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Sci Rep. 2015 Nov 5;5:16278. doi: 10.1038/srep16278.

Genetic variations in STAT4,C2,HLA-DRB1 and HLA-DQ associated with risk of hepatitis B virus-related liver cirrhosis.

Jiang DK1,2,3,4,5,6, Ma XP1, Wu X7, Peng L8, Yin J9, Dan Y10, Huang HX1, Ding DL1, Zhang LY1, Shi Z1,2,3,4, Zhang P1,2,3,4, Yu H1,2,3,4, Sun J5, Lilly Zheng S5,6, Deng G10, Xu J1,2,3,4,5,6,11, Liu Y7, Guo J8, Cao G9, Yu L1,12.

Author information

State Key Laboratory of Genetic Engineering, Collaborative Innovation Center for Genetics and Development, School of Life Sciences, Fudan University, Shanghai, China.
Ministry of Education Key Laboratory of Contemporary Anthropology, School of Life Sciences, Fudan University, Shanghai, China.
Center for Genetic Epidemiology, School of Life Sciences, Fudan University, Shanghai, China.
Center for Genetic Translational Medicine and Prevention, Fudan University, Shanghai, China.
Center for Cancer Genomics, Wake Forest School of Medicine, Winston-Salem, NC, USA.
Program for Personalized Cancer Care, NorthShore University HealthSystem, the University of Chicago, IL, USA.
National Laboratory of Medical Molecular Biology, Institute of Basic Medical Sciences, Chinese Academy of Medical Sciences, School of Basic Medicine, Peking Union Medical College, Beijing, China.
Division of Digestive Diseases, Zhongshan Hospital, Department of Internal Medicine, Shanghai Medical College, Fudan University, Shanghai, China.
Department of Epidemiology, Second Military Medical University, Shanghai, China.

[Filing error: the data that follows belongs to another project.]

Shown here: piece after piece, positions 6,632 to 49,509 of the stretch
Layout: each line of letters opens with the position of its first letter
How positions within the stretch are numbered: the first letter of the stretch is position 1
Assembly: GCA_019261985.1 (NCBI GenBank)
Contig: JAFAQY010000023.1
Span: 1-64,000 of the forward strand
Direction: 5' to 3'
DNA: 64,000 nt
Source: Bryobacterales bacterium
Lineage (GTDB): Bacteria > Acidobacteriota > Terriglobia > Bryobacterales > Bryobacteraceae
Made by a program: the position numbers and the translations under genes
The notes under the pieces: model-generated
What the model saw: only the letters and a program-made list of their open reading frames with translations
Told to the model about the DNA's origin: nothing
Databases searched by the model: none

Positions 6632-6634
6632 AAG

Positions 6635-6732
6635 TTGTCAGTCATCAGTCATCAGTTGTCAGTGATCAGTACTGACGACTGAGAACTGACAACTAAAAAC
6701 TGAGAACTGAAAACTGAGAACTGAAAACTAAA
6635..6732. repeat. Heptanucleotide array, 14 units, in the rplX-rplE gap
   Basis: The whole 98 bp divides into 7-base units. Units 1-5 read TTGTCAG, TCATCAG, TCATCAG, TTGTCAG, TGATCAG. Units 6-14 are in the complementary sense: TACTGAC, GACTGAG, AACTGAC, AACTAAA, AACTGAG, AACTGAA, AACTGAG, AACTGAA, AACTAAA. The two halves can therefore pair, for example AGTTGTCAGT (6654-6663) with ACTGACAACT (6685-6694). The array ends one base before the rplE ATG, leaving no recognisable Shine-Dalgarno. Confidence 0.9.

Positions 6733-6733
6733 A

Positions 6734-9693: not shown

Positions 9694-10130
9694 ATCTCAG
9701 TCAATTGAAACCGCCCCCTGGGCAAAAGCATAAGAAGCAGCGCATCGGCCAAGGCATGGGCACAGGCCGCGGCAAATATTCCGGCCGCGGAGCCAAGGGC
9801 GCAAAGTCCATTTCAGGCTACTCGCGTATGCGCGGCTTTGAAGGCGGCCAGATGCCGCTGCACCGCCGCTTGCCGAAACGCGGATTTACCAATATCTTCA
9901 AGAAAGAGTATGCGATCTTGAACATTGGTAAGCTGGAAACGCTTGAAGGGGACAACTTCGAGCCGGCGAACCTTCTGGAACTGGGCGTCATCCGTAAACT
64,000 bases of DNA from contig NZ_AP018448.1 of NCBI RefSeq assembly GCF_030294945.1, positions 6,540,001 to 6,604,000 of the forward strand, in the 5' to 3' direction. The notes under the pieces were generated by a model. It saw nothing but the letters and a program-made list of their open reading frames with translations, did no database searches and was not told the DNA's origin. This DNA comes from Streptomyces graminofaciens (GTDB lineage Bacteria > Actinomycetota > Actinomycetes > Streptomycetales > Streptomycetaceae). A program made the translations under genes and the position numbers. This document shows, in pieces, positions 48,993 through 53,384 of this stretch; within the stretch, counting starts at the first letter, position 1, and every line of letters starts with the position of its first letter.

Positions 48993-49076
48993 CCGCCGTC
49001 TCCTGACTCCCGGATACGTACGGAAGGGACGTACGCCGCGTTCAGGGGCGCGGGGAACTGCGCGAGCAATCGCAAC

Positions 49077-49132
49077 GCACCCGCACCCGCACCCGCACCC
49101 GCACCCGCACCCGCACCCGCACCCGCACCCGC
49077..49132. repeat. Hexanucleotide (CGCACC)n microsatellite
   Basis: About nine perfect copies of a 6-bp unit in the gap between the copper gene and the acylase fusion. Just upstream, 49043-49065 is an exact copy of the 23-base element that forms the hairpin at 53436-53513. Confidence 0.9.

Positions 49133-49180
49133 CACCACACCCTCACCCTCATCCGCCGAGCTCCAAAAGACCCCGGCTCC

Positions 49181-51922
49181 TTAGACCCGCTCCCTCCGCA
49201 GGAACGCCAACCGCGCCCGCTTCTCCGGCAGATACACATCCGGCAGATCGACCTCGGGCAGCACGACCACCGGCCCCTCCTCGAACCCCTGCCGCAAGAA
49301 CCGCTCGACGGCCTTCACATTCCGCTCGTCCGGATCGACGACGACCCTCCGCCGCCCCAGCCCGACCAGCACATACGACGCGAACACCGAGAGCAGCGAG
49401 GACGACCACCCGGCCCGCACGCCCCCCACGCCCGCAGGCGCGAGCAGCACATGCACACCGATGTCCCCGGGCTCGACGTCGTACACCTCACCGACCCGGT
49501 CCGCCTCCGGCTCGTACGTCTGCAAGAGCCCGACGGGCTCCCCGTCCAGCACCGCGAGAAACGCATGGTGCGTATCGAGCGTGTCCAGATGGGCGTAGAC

Department of Infectious Diseases, Southwest Hospital, Institute of Immunology, Third Military Medical University, and Chongqing Key Laboratory of Infectious Diseases, Chongqing, China.
Fudan Institute of Urology, Huashan Hospital, Fudan University, Shanghai, China.
Institute of Biomedical Science, Fudan University, Shanghai, China.


Recent genome-wide associated studies (GWASs) have revealed several common loci associated with the risk of hepatitis B virus (HBV)- or hepatitis C virus (HCV)-related hepatocellular carcinoma (HCC). We selected 15 single nucleotide polymorphisms (SNPs) identified through GWASs on HBV- or HCV-related HCC, and genotyped them in two independent Chinese cohorts of chronic HBV carriers, including 712 LC cases and 2601 controls. The association of each SNP with the risk of HBV-related LC was assessed by meta-analysis of the two cohorts. Of the 12 SNPs reported in HBV-related HCC GWASs, five SNPs (rs7574865 in STAT4, rs9267673 near C2, rs2647073 and rs3997872 near HLA-DRB1 and rs9275319 near HLA-DQ), were found to be significantly associated with the risk of HBV-related LC (rs7574865: P = 1.79 × 10(-2), OR = 1.17, 95% CI = 1.03-1.34; rs9267673: P = 4.91 × 10(-4), OR = 1.37, 95% CI = 1.15-1.63; rs2647073: P = 3.53 × 10(-5), OR = 1.63, 95% CI = 1.29-2.06; rs3997872: P = 4.22 × 10(-4), OR = 1.86, 95% CI = 1.32-2.62; rs9275319: P = 1.30 × 10(-2), OR = 1.32, 95% CI = 1.06-1.64). However, among the three SNPs associated with the risk of HCV-related HCC in previous GWASs, none of them showed significant association with the risk of HBV-related LC. Our results suggested that genetic variants associated with HBV-related hepatocarcinogenesis may already play an important role in the progression from CHB to LC.

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